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This might seem a bit out of place in a galaxy of terror, but I tend to mix comedy and horror rather uncomfortably in anything I run.  Plus I just like frog people.

Friday, April 27, 2012

No One Can Hear You Scream


I'm a big fan of horror, both in fiction and in gaming.  When I was growing up in the mid to late 90s, there was quite a bit of horror fiction aimed at children such as Goosebumps, Are You Afraid of the Dark?, and Eerie Indiana, and I think those books and shows had a great impact on me.  Today I still watch more horror movies than I do sci fi and fantasy ones, and the fantasy authors I prefer tend to be the ones that cleave closer to horror such as Clark Ashton Smith.  

When I run fantasy RPGs, I tend to weave in a lot of horror elements.  This should be obvious to anyone who knows about my Dark Country setting, but it's also true of my other ideas. Even my recent musings on campaign set during the Genpei War had a large number of horror elements. So why not do that with Terran Space?  Alien is one of the greatest horror movies of all time and it's pretty damn close to Traveller.  Plus, Clark Ashton Smith wrote some sci fi stories as well.

While it's unlikely I'll have much time to work on it soon, when I do begin working on Terran Space again I'll definitely be adding more horrific things to my little sandbox.  Some might wonder why I'd use Traveller for such a game, and I played in a pretty rad space horror game using Call of Cthulhu with Zak S. as the keeper.  However, I think I'll be sticking to Traveller for a number of reasons.  The most important one is that I like the system.  In my opinion it has the best character generation of any RPG I've played.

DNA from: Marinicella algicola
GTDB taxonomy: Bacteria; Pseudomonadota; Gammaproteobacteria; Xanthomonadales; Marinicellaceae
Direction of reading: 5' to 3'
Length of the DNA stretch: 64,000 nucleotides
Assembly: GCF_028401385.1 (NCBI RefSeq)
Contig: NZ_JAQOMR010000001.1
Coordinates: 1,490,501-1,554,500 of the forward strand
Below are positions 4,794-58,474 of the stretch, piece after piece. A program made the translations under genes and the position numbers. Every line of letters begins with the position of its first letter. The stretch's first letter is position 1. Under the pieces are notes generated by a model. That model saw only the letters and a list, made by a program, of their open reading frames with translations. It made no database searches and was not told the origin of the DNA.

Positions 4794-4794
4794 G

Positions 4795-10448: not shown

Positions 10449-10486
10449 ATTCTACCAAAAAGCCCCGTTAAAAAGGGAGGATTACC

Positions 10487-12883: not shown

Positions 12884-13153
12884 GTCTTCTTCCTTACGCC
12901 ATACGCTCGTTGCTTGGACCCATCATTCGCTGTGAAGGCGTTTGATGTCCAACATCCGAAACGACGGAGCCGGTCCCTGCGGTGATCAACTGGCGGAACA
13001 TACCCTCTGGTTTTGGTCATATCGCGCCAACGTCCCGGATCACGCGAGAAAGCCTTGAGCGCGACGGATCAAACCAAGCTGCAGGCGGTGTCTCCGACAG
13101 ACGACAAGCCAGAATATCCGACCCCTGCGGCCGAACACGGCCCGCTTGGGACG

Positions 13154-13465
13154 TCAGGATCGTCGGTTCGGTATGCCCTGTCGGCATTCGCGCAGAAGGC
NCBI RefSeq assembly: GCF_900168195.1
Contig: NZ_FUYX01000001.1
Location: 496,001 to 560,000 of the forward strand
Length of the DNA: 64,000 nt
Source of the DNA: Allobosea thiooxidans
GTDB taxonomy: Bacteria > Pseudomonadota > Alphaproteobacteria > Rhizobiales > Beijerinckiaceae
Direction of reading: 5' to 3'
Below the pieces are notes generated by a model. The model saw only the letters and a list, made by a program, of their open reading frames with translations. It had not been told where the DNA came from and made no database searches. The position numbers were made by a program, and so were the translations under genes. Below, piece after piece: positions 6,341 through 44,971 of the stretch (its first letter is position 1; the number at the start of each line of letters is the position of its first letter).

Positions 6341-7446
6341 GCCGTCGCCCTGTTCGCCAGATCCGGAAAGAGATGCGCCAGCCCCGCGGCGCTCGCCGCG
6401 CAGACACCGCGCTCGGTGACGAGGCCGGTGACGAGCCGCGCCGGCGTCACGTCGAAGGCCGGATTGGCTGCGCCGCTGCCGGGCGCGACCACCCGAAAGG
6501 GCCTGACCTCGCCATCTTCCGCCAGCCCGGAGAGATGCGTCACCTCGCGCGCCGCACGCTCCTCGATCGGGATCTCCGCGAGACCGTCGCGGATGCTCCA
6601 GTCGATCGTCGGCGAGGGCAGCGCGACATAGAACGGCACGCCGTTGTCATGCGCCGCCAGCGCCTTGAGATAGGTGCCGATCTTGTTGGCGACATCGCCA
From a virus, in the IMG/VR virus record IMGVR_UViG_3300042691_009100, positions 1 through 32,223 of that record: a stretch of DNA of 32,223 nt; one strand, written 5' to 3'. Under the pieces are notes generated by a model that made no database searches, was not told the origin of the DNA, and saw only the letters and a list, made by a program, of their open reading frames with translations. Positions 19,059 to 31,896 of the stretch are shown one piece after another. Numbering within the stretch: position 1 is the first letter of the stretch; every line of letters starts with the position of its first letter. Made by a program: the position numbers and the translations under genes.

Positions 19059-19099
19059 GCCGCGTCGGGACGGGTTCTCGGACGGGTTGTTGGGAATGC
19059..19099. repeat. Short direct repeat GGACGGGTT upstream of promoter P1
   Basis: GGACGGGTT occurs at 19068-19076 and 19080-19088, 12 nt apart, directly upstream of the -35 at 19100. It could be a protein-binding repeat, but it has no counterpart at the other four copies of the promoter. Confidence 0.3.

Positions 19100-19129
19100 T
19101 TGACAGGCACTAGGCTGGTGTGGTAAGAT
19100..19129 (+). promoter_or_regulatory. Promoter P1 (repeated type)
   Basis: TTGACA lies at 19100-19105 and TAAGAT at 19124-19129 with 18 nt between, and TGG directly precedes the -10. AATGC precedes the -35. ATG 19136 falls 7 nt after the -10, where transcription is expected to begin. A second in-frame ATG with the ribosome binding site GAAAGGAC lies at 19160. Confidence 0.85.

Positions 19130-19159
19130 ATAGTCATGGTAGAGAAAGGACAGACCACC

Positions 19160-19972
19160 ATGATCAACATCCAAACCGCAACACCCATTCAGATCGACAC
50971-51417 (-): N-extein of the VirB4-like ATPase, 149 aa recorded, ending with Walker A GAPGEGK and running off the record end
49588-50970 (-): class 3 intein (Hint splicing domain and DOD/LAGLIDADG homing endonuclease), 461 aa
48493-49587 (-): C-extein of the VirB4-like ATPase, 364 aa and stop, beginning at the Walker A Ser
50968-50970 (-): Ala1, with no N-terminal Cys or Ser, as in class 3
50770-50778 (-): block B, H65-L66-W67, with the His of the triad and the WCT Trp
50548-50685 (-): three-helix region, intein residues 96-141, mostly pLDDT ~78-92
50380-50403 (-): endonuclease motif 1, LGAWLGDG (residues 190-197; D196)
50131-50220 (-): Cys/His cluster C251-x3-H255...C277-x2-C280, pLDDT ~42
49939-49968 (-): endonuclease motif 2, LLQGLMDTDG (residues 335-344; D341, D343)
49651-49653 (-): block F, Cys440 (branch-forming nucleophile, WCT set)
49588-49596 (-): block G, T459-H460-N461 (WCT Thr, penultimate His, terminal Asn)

The fact that I like it is really enough to make me run it, but it isn't the only reason.  If I'm using Traveller, the players will be less likely to expect the horrific elements and therefore be more surprised - and possibly frightened - when they do appear.*  I'm not talking about a complete bait and switch here, the game would still essentially be about the same things Traveller is always about.  I'll just be adding some elements of horror in order to make the setting more uniquely mine.  This can easily be done by making the hooks that patrons give and the encounters had during space adventures have a distinctly sinister character.